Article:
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Found 10 records similar to Terrestrial Protected Areas Representation by Biogeoclimatic Unit
Biogeoclimatic Ecosystem Classification (BEC) zone boundaries with percent protected, number of overlapping protected areas and other attributes added as a result of geoprocessing in the Protected Area System Overview (PASO) application. Protected area and park representation by BEC zone provides a zonal ecosystem context for natural resource planning processes such as; management plans, land use zoning, environmental risk assessment, landscape analysis, habitat supply, and management of high priority species. For important warnings about using this data for spatial analysis see the Data Quality section of the metadata
A list of the various 'regional' (zone/subzone/variant/phase) ecological units of the current biogeoclimatic ecosystem classification. At this 'regional' level, vegetation, soils and topography are used to infer the climate and to identify geographic areas that have relatively uniform climate. These geographic areas are termed biogeoclimatic units. The basic biogeoclimatic unit is the Subzone.
The current and most detailed version of the approved corporate provincial digital Biogeoclimatic Ecosystem Classification (BEC) Zone/Subzone/Variant/Phase map (version 11, August 10th, 2018). Use this version when performing GIS analysis regardless of scale. This mapping is deliberately extended across the ocean, lakes, glaciers, etc to facilitate intersection with a terrestrial landcover layer of your choice
A list of the site series ecological units of the current biogeoclimatic ecosystem classification. Site series are subdivisions of the biogeoclimatic subzone/variant, and describe sites capable of producing the same mature or climax vegetation unit (plant association or sometimes, subassociation). Site series are described in the Regional Field Guides to Site Identification. Site and soil conditions, and the vegetation community, are used to identify site series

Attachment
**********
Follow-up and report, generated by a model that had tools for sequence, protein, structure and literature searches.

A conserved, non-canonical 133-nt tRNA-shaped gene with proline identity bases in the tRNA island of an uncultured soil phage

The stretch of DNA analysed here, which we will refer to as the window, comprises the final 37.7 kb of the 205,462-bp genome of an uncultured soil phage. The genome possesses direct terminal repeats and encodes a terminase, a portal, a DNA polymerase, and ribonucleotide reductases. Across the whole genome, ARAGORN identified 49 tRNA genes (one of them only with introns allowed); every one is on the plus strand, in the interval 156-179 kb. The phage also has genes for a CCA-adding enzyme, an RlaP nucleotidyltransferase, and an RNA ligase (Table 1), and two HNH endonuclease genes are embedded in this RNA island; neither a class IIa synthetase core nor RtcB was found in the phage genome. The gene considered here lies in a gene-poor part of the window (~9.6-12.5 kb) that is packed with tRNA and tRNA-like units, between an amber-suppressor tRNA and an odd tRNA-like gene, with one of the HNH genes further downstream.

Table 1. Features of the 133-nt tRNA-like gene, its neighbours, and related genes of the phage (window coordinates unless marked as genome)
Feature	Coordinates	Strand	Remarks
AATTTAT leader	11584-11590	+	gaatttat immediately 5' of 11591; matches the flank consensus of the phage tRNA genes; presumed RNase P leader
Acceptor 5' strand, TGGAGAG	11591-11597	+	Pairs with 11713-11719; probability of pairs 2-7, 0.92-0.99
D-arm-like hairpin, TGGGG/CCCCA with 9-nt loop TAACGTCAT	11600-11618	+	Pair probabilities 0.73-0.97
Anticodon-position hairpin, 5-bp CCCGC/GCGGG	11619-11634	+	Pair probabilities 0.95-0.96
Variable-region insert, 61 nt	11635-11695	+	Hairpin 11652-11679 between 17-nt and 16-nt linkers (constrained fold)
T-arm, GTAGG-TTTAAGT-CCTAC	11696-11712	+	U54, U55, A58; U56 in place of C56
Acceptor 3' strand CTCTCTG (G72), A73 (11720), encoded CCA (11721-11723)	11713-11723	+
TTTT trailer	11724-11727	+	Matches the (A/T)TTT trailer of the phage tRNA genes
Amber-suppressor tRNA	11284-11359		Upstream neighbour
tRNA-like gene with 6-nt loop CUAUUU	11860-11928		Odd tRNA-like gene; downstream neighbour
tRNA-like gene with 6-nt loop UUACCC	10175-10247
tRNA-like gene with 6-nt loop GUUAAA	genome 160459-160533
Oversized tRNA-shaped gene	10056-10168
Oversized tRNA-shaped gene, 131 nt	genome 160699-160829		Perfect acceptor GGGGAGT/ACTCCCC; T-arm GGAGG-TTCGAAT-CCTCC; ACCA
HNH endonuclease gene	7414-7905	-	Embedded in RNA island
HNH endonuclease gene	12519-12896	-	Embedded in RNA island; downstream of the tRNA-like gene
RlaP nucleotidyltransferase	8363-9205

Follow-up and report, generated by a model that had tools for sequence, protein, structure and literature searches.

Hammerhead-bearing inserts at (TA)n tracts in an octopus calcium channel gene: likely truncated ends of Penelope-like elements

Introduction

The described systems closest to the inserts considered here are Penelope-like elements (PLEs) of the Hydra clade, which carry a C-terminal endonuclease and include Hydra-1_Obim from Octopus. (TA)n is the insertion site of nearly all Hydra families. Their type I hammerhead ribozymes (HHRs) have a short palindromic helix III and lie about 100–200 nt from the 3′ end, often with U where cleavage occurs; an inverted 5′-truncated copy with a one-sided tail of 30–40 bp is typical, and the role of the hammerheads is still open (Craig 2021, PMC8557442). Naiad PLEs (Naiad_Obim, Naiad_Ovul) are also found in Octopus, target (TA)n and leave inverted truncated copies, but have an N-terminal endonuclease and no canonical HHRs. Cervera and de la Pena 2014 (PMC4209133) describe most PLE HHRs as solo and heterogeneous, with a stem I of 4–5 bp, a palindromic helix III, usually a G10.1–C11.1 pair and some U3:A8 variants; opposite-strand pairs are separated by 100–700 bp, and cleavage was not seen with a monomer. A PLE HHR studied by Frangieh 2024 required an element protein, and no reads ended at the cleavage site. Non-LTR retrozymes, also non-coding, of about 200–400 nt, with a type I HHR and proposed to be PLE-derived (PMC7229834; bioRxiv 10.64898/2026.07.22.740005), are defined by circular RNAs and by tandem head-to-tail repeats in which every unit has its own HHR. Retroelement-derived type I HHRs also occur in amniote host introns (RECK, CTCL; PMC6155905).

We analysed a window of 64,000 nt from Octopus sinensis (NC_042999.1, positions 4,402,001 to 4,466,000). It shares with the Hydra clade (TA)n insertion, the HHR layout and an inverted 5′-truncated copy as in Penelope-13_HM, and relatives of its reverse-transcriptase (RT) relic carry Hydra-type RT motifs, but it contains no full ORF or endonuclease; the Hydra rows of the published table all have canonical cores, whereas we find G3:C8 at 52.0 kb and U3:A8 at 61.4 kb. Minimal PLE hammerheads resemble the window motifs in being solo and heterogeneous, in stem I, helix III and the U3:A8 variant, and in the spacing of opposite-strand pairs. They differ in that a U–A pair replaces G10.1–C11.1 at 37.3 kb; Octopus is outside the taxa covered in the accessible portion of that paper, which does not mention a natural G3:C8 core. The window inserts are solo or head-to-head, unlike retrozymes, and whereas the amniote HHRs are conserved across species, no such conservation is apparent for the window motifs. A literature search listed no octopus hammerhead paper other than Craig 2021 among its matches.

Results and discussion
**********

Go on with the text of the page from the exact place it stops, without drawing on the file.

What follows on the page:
The Natural Disturbance Type map is based on the Provincial Biodiversity Guidebook (1995) and the current and most detailed version of the approved corporate provincial Biogeoclimatic Ecosystem Classification (BEC) Zone/Subzone/Variant/Phase map (version 11, August 10th, 2018) (Data Catalog record: https://catalogue.data.gov.bc.ca/dataset/f358a53b-ffde-4830-a325-a5a03ff672c3). The natural disturbance type classification code is used to designate a period process or event such as insect outbreaks, fire, disease, flooding, windstorms and avalanches that cause ecosystem change and renewal. Natural disturbance type classification and mapping is used for a wide variety of applications in British Columbia. A few examples include: delineation of Natural Disturbance Types for Landscape Unit Planning; delineation of Seed Planning Zones; as an input for Predictive Ecosystem Mapping; reporting on the ecological representation of the Protected Areas Strategy; and as a level in the classification hierarchy for Broad Ecosystem Units.
International merchandise trade data aggregated by codes of the Classification by Broad Economic Categories Rev. 5 (BEC Rev. 5). Users have the option of selecting imports and exports by BEC Rev.
Snowpack classification for the Cariboo Region (based on 2014 biogeoclimatic zones)
Ecosection boundaries with percent protected, number of overlapping protected areas and other attributes added as a result of geoprocessing in the Protected Area System Overview (PASO) application. Protected area and park representation by ecosection provides a landscape context for natural resource planning processes such as; management plans, land use zoning, environmental risk assessment, landscape analysis, habitat supply, and management of high priority species. Ecosections are distinguished from each other by enduring characteristics such as minor physiographic and macroclimatic or oceanographic variations. For more information on ecosections and the Ecoregion Classification System see: http://www.env.gov.bc.ca/ecology/ecoregions/index.html.
Five riparian classes of wetlands (W1 to W5) based on whether the wetland is a simple wetland or wetland complex, wetland size, and biogeoclimatic unit in which the wetland occurs. Wetland classification is based on the 1995 Forest Practices Code Riparian Management Area Guidebook: http://www.llbc.leg.bc.ca/public/PubDocs/bcdocs/237312/Rip-toc.htm
"Vegetation Zones of Canada: a Biogeoclimatic Perspective" maps Canadian geography in relation to gradients of regional climate, as expressed by potential vegetation on zonal sites. Compared to previous similar national-scale products, "Vegetation Zones of Canada" benefits from the work of provincial and territorial ecological classification programs over the last 30+ years, incorporating this regional knowledge of ecologically significant climatic gradients into a harmonized national map. This new map, reflecting vegetation and soils adapted to climates prior to approximately 1960, can serve as a broad-scale (approximately 1:5 M to 1:10 M) geospatial reference for monitoring and modeling effects of climate changes on Canadian ecosystems. "Vegetation Zones of Canada: a Biogeoclimatic Perspective" employs a two-level hierarchical legend.